Today, our foray into verb differences between EP and BP reaches the trickiest echelons of the language: reflexive verbs.
As it turns out, there are a few verbs that are reflexive in EP but not in BP (and I’m sure there are some examples of the opposite). This means you have to conjugate the verb together with a reflexive pronoun at all times to achieve a certain meaning (there are a few verbs which change meaning depending on whether you’re using the pronoun or not, and this inside a variant, not as an EP vs. BP comparison).
One of the verbs that follows the first paradigm (EP vs. BP differences) is lembrar-se [de] (to remember), which is pronominal/reflexive in EP but not in BP – across the Atlantic, it’s simply conjugated as lembrar [de]. Interestingly, the verb to forget follows the same pattern: in EP it’s esquecer-se [de], in BP it’s esquecer [de].
In EP, this yields the following verb conjugations for the present indicative (without vós):
- [Eu] lembro-me [de]
- [Tu] lembras-te [de]
- [Ele/Ela/Você] lembra-se [de]
- [Nós] lembramo-nos [de]
- [Eles/Elas/Vocês] lembram-se [de]
Keep in mind that the rules which govern pronoun placement in EP also apply here – this means that verbs inside relative/subordinate clauses (which includes all subjunctive verb tenses), negative statements, and some adverbs bring the reflexive pronoun before the verb. For example, this same verb in the imperfect subjunctive is conjugated as follows:
- Se eu me lembrasse [de]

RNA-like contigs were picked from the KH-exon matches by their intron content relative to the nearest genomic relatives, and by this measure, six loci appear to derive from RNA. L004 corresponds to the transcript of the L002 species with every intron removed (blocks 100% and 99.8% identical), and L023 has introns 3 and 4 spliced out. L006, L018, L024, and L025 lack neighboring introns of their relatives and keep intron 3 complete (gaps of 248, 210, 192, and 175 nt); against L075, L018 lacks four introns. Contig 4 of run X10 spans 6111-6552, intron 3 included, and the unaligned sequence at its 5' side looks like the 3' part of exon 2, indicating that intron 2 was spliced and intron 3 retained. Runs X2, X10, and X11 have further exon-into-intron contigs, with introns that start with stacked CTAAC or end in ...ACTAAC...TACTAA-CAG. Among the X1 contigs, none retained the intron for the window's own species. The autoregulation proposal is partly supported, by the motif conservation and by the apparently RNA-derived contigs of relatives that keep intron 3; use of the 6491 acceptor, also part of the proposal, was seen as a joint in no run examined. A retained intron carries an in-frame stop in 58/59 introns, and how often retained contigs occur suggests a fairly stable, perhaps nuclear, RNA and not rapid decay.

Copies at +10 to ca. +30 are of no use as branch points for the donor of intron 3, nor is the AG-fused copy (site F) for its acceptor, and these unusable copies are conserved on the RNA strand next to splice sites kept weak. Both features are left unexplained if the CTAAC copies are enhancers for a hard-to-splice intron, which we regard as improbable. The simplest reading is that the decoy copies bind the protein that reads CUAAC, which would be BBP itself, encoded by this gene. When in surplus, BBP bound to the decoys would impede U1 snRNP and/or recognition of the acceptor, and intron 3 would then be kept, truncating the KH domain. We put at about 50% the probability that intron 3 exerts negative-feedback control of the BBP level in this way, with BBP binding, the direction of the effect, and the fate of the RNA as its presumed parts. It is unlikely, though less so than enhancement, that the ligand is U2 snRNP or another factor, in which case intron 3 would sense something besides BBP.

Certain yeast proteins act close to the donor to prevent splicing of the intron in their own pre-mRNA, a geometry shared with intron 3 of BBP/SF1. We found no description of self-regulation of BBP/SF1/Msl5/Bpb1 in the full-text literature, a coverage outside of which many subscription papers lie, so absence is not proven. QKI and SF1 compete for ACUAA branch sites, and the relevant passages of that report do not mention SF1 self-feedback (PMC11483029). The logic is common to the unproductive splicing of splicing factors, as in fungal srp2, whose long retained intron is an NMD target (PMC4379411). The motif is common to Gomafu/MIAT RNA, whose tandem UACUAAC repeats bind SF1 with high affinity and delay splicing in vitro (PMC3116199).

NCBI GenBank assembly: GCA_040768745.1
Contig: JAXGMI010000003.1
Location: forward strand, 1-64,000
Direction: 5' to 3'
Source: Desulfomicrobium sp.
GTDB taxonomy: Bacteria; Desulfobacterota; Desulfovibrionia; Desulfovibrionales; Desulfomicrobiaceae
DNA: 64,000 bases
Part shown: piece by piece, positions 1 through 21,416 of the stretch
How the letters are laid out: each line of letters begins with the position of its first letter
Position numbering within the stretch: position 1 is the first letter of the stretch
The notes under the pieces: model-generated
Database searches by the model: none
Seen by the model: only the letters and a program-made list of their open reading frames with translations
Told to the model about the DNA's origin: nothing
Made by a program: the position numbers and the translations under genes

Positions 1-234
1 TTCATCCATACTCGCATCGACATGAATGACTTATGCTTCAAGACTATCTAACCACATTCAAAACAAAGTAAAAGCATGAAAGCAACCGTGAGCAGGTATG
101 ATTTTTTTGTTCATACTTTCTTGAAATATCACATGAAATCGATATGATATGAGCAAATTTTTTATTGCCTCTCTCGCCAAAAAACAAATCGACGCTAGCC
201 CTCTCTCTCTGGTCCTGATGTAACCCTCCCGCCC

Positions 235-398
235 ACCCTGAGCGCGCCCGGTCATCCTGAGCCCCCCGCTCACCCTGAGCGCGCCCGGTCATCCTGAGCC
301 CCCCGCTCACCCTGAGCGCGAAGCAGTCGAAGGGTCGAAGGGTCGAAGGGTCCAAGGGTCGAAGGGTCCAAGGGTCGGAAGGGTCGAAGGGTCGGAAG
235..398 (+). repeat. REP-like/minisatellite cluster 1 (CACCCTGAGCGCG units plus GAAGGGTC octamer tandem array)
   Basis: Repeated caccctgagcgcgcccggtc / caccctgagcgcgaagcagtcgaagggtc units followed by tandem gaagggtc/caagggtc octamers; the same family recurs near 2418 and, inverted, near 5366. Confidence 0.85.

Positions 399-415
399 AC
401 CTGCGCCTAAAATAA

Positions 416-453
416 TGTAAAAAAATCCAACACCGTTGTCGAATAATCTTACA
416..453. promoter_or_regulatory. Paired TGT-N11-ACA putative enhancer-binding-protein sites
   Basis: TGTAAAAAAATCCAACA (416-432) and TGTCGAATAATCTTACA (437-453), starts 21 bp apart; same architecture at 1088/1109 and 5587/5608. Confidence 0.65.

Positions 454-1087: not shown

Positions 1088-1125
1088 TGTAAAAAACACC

- Se [tu] te lembrasses [de]
- Se ele/ela/você se lembrasse [de]
- Se [nós] nos lembrássemos [de]
- Se eles/eles/vocês se lembrassem [de]
P.S. Se (“If”) is a so-called ‘trigger word’ for the (simple) imperfect subjunctive tense every time you have what in English would be called an If Clause Type 2 (when you’re describing a hypothetical scenario in the past); however, it can also be a ‘trigger word’ for the future subjunctive if you’re talking about a hypothetical scenario in the future.
Furthermore, it’s important to note that de here is the preposition that goes together with the verb whenever you’re introducing a verb, noun or pronoun afterwards (just like gostar [de], to like); using it is non-negotiable – you really have to use it between the verb and its (direct/indirect, nominal/verbal) object; if the object is a pronoun, don’t forget it turns into a prepositional pronoun. The only cases where de is not used is when a location, time, or condition appear afterwards (which are a different kind of object in the first place).
When used with direct/indirect object pronoun, lembrar means to remind (someone), not to remember. To remind someone about something/someone is prepositional, lembrar-se (but with direct object pronouns, not reflexive pronouns), to remind something to someone is simply lembrar, since it asks for the indirect object (which already has preposition a attached to it). Examples taken from Ciberdúvidas da Língua Portuguesa:
- Lembrei-o de que a sua filha tinha procedido corre[c]tamente. I reminded him that his daughter had acted/proceeded correctly (i.e. had done the right thing).
- Lembrei ao João (= lhe) que tinha o dever de trabalhar. I reminded him that he had a duty to work.
Here are few sample sentences with lembrar-se and esquecer-se:
- Esqueci-me de ir buscar o fato à lavandaria. I forgot to pick up the suit at the dry cleaner.
- Quando é que te lembraste do meu aniversário? – Lembrei-me ontem. When did you remember my birthday. I remembered it yesterday.
- Lembras-te das nossas férias na praia? – Sim, lembro-me muito bem. Do you remember our vacation at the beach? Yes, I remember it very well.
- Se não te tivesses esquecido do fato de banho, podias ter nadado conosco. If you hadn’t forgotten your bathing suit, you could have swum with us.